One of the priciest attorneys over the past year, according to court filings, has been Kirk A. Radke, whose specialty at Kirkland & Ellis LLP in New York is advising clients on leveraged buyouts and forming private-equity funds. As of early 2010, Mr. Radke, whose clients include private-equity firm Avista Capital Partners, had an hourly fee of $1,250. Mr. Radke and Kirkland & Ellis declined to comment, as did Avista Capital.
Such rates are contributing to inflation across the $100 billion-a-year global corporate-law industry as the slow economic recovery has left many law firms struggling to finance the hefty pay packages they award their stars. Since most law partners bill roughly 2,000 hours, those asking $1,100 hourly will bring in $2.2 million, a few million short of the $3 million or $4 million in annual compensation star attorneys get at many big firms.
To help fill the gap, the firms rely on the profit they often reap on the work of junior attorneys, or associates. Dozens of associates at a time can work on a single case, and some firms bill as much as $700 an hour for their time, according to Valeo Partners, a Washington consulting firm that maintains a database of hourly legal rates in fields such as litigation, corporate law and intellectual property. That strategy can fuel tensions with clients. "We are much less willing to pay an army of associates at the ever-increasing rate," said GE's Ms. Dascenzo.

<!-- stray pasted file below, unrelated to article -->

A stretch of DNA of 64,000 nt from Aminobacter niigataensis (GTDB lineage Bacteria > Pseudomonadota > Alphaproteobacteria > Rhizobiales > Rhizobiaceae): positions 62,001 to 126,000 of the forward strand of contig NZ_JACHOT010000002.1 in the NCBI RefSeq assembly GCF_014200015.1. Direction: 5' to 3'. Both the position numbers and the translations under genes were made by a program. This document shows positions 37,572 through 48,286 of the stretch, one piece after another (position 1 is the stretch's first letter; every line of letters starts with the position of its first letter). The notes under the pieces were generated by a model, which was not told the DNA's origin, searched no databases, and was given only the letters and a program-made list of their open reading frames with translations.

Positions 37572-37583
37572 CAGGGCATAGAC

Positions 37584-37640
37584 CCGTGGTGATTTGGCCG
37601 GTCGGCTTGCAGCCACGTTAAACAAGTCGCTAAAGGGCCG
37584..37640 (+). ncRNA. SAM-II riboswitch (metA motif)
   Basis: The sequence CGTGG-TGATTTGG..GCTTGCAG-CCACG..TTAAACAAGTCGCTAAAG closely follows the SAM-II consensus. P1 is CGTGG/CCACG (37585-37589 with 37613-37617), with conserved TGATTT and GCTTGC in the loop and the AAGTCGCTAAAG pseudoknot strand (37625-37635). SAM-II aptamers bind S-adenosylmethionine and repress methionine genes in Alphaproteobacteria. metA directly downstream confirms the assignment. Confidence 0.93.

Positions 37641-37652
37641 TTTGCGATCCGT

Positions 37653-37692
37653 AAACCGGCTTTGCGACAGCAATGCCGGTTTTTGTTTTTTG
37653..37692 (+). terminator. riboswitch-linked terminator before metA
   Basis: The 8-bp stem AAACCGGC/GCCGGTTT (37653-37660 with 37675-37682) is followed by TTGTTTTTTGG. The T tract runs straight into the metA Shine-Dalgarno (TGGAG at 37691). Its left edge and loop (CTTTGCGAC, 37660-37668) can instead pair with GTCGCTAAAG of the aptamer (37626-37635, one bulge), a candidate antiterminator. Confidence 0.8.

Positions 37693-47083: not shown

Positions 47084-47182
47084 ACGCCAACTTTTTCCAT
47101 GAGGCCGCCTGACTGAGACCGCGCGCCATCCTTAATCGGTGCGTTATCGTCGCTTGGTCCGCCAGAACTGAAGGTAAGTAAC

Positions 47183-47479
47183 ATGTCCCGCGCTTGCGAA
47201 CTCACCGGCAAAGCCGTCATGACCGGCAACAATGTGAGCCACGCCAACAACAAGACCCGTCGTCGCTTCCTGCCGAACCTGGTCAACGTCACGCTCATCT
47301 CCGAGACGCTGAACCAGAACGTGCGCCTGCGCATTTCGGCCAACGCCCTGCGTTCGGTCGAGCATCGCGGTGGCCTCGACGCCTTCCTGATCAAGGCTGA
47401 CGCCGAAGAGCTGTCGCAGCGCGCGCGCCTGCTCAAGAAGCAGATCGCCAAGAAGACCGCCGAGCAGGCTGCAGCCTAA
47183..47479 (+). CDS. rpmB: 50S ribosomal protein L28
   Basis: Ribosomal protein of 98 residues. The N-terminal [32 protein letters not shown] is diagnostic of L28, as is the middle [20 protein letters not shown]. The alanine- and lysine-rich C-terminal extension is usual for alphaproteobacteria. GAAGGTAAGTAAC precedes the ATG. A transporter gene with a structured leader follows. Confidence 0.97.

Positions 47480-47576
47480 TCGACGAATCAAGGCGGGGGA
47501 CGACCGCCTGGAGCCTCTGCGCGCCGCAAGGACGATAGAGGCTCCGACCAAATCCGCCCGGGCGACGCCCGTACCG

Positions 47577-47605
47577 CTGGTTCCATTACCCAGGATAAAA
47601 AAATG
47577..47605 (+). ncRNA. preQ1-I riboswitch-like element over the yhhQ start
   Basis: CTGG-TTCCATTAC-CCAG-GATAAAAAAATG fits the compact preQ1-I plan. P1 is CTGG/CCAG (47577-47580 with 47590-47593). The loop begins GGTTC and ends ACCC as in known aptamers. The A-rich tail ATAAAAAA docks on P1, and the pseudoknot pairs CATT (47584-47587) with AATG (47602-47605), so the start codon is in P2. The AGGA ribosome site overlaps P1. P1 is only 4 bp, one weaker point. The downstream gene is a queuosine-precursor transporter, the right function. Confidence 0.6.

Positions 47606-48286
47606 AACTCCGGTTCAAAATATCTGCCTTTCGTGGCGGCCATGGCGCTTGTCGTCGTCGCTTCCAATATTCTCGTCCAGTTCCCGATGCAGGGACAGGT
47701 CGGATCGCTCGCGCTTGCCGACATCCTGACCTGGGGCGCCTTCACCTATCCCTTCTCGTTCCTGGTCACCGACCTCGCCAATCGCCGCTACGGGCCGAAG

"Plenty of clients say to me, 'I don't have any problems with your rate,' " said William F. Nelson, a Washington-based tax partner at Bingham McCutchen, who commands $1,095 an hour, up from $1,065 last year. "But there is price pressure for associates, especially junior lawyers. A small but growing number of top lawyers are using other arrangements in place of hourly billing. David Boies, chairman of Boies, Schiller & Flexner and a prominent trial lawyer, charges $960 an hour, a spokeswoman for the firm said. But just a third of his time is devoted to matters that are billed hourly. More often his deals with clients involve alternatives such as pegging fees to his success, she said.